One of the largest Vietnamese communities in the United States resides in Houston and along the Gulf coast in Texas, Louisiana and Alabama. They now have a chance to reconnect with the rich history of their homeland through a new art exhibit at the Museum of Fine Arts in Houston called "Arts of Vietnam, From River Plain to Open Sea." The exhibit showcases some spectacular works of ancient art with influences from all over Asia.
Jointly sponsored by the Museum of Fine Arts in Houston and the New York-based Asia Society, the Vietnamese art exhibit contains over 100 ancient works never seen before outside of Vietnam. On loan from Vietnam's leading museums, the artifacts, sculptures and carvings reveal the richness of both the indigenous cultures of the Southeast Asian nation and the many influences from nearby countries like India and China.
Nancy Tingley, an independent art history scholar from California, who serves as curator for this exhibit, worked for 20 years to put it together. "The problem was that we did not have diplomatic relations with Vietnam until 1995 and we began working on the exhibition in 1988. It was not moving forward because they did not feel comfortable sending their art out of the country. At that point, I think in 1994, we, more or less, shelved the project until the early 2000's when we came back to it and started working on it again," she said.
Visitors to the museum will be able to see massive stone sculptures depicting Hindu gods as well as Buddha, funerary jars, ancient jewelry and delicately decorated ceramics found in a shipwreck off the coast of central Vietnam. Nancy Tingley says the goal is to show the variety and quality of art found in Vietnam. "My sense in Vietnam is that if you stuck a shovel in the ground, you would find something. It is such an incredibly rich culture and one of the things we wanted to show in the exhibition was the sense of breadth, the early bronze culture as well as the coming in of Hinduism and Buddhaism from India, the constant contact with China as a trading partner," she said.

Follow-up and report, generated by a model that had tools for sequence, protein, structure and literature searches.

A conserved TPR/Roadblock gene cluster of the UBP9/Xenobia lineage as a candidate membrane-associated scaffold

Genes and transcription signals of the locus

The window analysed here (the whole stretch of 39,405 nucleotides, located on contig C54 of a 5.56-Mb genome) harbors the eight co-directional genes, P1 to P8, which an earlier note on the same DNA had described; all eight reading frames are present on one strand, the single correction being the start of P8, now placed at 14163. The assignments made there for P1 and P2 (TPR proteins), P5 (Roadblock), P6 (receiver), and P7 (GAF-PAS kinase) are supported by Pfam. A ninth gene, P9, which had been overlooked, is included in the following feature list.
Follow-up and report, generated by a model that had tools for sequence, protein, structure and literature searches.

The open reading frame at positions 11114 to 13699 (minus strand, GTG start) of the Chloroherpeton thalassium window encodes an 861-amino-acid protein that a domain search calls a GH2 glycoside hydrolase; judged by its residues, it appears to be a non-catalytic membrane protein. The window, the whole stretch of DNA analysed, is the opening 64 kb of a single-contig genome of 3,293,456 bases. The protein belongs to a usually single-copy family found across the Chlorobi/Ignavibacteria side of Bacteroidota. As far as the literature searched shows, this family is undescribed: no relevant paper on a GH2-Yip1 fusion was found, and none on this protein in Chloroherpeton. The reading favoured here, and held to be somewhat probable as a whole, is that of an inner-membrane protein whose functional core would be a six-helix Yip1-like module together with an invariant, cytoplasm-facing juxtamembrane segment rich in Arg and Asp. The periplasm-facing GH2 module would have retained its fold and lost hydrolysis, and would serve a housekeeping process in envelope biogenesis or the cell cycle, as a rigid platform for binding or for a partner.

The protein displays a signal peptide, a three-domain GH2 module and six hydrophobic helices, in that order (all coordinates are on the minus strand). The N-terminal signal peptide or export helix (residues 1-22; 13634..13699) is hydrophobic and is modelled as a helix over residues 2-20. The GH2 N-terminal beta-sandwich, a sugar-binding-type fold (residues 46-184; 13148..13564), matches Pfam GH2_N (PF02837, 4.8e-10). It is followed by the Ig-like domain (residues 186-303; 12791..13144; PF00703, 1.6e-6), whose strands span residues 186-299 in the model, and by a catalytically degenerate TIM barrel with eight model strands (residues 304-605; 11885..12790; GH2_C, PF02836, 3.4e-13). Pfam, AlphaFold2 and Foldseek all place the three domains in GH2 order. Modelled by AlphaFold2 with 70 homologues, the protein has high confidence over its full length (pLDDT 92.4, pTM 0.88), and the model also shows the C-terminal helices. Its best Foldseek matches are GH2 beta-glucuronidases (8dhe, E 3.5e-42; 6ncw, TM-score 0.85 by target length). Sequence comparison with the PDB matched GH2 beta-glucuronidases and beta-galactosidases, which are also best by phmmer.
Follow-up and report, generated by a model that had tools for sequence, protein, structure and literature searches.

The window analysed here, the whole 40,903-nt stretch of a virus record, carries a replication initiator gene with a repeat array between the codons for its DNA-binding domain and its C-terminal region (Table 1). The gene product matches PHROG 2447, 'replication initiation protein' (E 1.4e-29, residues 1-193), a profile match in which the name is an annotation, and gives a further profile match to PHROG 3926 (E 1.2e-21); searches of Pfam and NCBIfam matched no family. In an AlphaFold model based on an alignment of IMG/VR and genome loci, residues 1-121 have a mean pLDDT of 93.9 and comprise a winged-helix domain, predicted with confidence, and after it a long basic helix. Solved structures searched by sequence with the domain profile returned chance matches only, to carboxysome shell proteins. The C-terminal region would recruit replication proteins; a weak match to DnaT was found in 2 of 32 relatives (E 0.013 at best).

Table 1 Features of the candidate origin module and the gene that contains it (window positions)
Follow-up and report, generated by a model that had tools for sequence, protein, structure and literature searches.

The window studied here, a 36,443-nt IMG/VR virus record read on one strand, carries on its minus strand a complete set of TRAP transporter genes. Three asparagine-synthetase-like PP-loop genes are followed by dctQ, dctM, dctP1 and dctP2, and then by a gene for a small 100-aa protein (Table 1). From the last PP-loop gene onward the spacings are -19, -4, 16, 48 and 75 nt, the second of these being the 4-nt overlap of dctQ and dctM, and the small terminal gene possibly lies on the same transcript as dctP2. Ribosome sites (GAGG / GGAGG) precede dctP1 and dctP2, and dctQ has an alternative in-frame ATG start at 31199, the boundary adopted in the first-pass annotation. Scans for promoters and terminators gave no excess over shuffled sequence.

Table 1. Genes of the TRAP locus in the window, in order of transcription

Thousands of refugees from Vietnam took up residence in this part of Texas and neighboring states after the Vietnam war ended in the mid-1970's. Tingley says she hopes they and their families will come to see these art works that form part of their heritage. "That is one reason we had hoped from the very beginning that it would be here in Houston because we know there is a very big Vietnamese community and we wanted to honor them with the opportunity to see this material," she said.
One of the early visitors to the exhibit was John Nguyen, who works with a Houston Vietnamese community organization. He says this exhibit is especially important for the children of immigrants who may have very little knowledge of Vietnam and its cultural history. "They never have been in Vietnam or even if they have been in Vietnam, they never knew about this culture and this very beautiful history, where they come from, and this is very good," he said.
Thirty-five-year-old Cristina Tran was born in Vietnam, but grew up here. Even though she already knew some of Vietnam's history, she says seeing these art works has motivated her to learn more. "Honestly, I have never thought that Vietnam had such a long, extended history. I am guessing a lot of first and second generation Vietnamese children here are not aware that we had kings, because they are so consumed with trying to adapt to life over here that they forget," she said.
The exhibit "Arts of Vietnam: From River Plain to Open Sea" will remain in Houston until January third of next year and then go on display in New York from February second to May second.